How Long Do Breast Implants Last?
There is no single number to indicate how long breast implants will last. There are many types of breast implants and consequently, there are different life expectancies for each one. All implants have an outer Silastic shell. It is within this shell that the contents are contained. Some implants are saline filled and some are filled with silicone gel. The outer shell can be smooth or it can be textured. A textured surface is more of a roughened surface.
It is commonly accepted that the most frequent cause of rupture is a, “fold flaw.” Fold flaw means a weakening along the edge of a natural fold of the implant. All implants are underfilled. This means that there is room for the contents to move back and forth, simulating a more natural breast-like feel. Because of the natural folds that occur, there is potential for weakening along these folds and subsequent rupture or leakage.
If a saline implant leaks or is ruptured, there is a rather rapid change in the size of the breasts. It becomes quite obvious in a short period of time that the saline has leaked out of the implant. A leak in a silicone implant is much more difficult to determine. A person can have a small leak and have it not be noticed for a long period of time. To diagnose a silicone leak, it is often necessary to perform an MRI. Consequently, there could be rupture rates associated with the silicone implants that are undiagnosed.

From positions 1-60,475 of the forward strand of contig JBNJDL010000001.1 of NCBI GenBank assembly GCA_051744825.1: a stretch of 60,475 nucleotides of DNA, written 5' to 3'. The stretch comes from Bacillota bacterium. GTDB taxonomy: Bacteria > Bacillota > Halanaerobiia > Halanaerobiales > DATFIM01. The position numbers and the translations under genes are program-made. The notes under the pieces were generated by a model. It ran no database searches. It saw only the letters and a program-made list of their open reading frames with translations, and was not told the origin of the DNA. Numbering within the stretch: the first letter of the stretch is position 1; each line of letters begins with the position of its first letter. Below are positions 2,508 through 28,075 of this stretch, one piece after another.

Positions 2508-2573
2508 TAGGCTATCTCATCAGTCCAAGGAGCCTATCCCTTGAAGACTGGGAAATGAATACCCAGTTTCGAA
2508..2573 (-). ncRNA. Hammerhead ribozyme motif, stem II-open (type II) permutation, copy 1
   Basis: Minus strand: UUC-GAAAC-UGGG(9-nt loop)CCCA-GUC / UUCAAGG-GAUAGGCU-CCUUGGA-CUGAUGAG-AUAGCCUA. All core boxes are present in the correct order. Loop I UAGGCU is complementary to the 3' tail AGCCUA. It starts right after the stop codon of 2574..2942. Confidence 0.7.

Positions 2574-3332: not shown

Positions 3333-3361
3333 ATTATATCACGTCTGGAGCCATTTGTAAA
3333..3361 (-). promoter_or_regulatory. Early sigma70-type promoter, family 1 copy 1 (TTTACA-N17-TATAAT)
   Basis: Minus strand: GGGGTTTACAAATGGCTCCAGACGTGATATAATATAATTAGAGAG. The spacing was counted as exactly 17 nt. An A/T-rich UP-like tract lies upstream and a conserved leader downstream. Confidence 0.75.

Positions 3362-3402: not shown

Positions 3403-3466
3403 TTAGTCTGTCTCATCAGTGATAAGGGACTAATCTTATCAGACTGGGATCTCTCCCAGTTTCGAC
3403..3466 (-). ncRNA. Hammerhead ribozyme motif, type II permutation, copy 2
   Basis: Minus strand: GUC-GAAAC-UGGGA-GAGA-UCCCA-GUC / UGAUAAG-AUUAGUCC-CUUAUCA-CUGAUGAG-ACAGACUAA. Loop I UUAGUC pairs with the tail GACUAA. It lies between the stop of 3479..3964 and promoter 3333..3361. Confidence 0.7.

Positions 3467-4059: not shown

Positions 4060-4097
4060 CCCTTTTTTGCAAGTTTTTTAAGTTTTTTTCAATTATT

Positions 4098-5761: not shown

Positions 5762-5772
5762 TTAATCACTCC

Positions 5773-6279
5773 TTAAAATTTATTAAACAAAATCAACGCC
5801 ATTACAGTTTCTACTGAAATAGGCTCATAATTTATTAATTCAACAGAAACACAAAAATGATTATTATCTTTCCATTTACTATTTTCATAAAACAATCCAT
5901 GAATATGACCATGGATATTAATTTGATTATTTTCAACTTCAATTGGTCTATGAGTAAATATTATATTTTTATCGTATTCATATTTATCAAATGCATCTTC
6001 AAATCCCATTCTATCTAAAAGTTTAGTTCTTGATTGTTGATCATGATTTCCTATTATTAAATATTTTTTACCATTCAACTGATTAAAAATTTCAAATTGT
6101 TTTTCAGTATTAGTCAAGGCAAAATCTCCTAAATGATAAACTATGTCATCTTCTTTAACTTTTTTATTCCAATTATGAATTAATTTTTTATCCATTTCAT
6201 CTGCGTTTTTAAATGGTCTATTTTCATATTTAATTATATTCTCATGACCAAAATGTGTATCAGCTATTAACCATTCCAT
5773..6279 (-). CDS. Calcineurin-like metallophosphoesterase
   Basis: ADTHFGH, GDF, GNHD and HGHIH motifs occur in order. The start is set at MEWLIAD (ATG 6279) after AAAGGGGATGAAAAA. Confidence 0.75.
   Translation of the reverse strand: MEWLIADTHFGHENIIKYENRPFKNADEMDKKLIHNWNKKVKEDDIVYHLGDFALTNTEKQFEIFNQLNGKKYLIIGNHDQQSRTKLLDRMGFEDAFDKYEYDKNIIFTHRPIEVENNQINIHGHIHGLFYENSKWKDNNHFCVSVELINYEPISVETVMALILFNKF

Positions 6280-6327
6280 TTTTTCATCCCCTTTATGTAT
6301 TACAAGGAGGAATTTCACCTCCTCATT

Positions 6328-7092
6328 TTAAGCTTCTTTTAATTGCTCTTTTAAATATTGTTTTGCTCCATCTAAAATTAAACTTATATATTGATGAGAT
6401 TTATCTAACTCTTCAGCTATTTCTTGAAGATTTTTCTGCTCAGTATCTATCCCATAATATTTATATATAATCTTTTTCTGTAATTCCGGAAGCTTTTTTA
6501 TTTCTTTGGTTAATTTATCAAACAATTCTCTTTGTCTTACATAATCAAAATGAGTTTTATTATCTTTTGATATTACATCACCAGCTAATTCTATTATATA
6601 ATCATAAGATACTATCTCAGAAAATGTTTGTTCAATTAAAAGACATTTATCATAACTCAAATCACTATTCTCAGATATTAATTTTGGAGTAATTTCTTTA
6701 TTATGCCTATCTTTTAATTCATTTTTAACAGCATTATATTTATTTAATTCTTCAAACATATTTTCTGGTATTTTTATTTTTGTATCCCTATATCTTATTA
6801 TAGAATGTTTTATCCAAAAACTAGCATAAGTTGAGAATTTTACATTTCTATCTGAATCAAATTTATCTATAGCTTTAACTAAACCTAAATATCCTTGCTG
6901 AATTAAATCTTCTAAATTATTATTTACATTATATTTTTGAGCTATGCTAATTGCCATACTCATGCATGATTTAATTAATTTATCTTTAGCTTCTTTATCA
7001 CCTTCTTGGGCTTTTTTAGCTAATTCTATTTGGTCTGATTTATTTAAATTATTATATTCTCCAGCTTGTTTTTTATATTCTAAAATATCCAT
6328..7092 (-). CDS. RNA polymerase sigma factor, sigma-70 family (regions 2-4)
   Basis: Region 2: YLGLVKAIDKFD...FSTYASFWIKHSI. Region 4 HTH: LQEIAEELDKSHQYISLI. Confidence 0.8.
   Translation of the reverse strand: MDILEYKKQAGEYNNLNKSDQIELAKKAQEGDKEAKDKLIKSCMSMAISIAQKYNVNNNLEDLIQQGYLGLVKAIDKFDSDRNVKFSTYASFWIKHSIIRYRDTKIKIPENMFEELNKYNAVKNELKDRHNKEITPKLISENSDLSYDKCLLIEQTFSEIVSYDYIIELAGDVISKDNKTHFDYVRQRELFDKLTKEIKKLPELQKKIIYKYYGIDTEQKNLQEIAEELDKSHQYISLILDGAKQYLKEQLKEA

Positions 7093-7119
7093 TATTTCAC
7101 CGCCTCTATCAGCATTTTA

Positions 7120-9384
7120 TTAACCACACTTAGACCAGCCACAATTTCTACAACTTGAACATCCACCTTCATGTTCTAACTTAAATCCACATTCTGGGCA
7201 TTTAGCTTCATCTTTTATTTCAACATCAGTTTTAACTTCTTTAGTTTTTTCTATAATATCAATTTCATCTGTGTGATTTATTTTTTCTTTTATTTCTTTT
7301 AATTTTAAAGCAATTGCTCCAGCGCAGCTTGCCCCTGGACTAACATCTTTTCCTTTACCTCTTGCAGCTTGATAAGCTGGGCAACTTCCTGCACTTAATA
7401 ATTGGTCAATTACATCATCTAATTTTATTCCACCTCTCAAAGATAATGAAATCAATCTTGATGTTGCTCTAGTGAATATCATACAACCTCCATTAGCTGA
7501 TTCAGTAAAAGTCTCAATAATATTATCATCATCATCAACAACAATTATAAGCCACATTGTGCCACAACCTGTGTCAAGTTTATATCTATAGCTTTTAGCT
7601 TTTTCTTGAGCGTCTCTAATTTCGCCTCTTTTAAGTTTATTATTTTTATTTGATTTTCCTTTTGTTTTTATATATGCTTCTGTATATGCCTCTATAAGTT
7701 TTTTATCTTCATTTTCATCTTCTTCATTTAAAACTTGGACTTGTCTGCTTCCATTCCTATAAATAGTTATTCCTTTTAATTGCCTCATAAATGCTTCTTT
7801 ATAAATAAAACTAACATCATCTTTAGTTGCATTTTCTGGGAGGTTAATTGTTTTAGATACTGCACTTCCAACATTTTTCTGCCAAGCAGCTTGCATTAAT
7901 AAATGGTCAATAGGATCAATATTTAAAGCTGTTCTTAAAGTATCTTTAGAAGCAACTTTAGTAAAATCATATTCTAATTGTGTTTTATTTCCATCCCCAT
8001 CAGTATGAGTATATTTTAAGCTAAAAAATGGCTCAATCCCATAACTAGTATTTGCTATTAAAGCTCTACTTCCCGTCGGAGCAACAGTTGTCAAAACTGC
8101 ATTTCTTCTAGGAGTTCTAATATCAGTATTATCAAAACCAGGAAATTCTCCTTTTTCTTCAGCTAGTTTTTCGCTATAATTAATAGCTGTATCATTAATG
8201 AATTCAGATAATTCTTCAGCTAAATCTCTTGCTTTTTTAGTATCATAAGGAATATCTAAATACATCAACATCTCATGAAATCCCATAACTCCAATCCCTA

Saline implants are filled by the surgeon at the time of surgery. If these implants are slightly overfilled by 10-15% one would expect that the rupture rate would be less. This would be due to the fact that there would be less inclined toward the fold flaw.
Commonly quoted figures regarding implant rupture are 1% per year. That would indicate that in a ten-year period of time one out of ten breast implants would rupture. In general, it is reasonable to assume, that in the first ten years the implants probably will not rupture. Many implant companies, as well as surgeons, provide warranty information at the time of surgery for the implant you choose to go with. This might be something to consider when choosing your implants.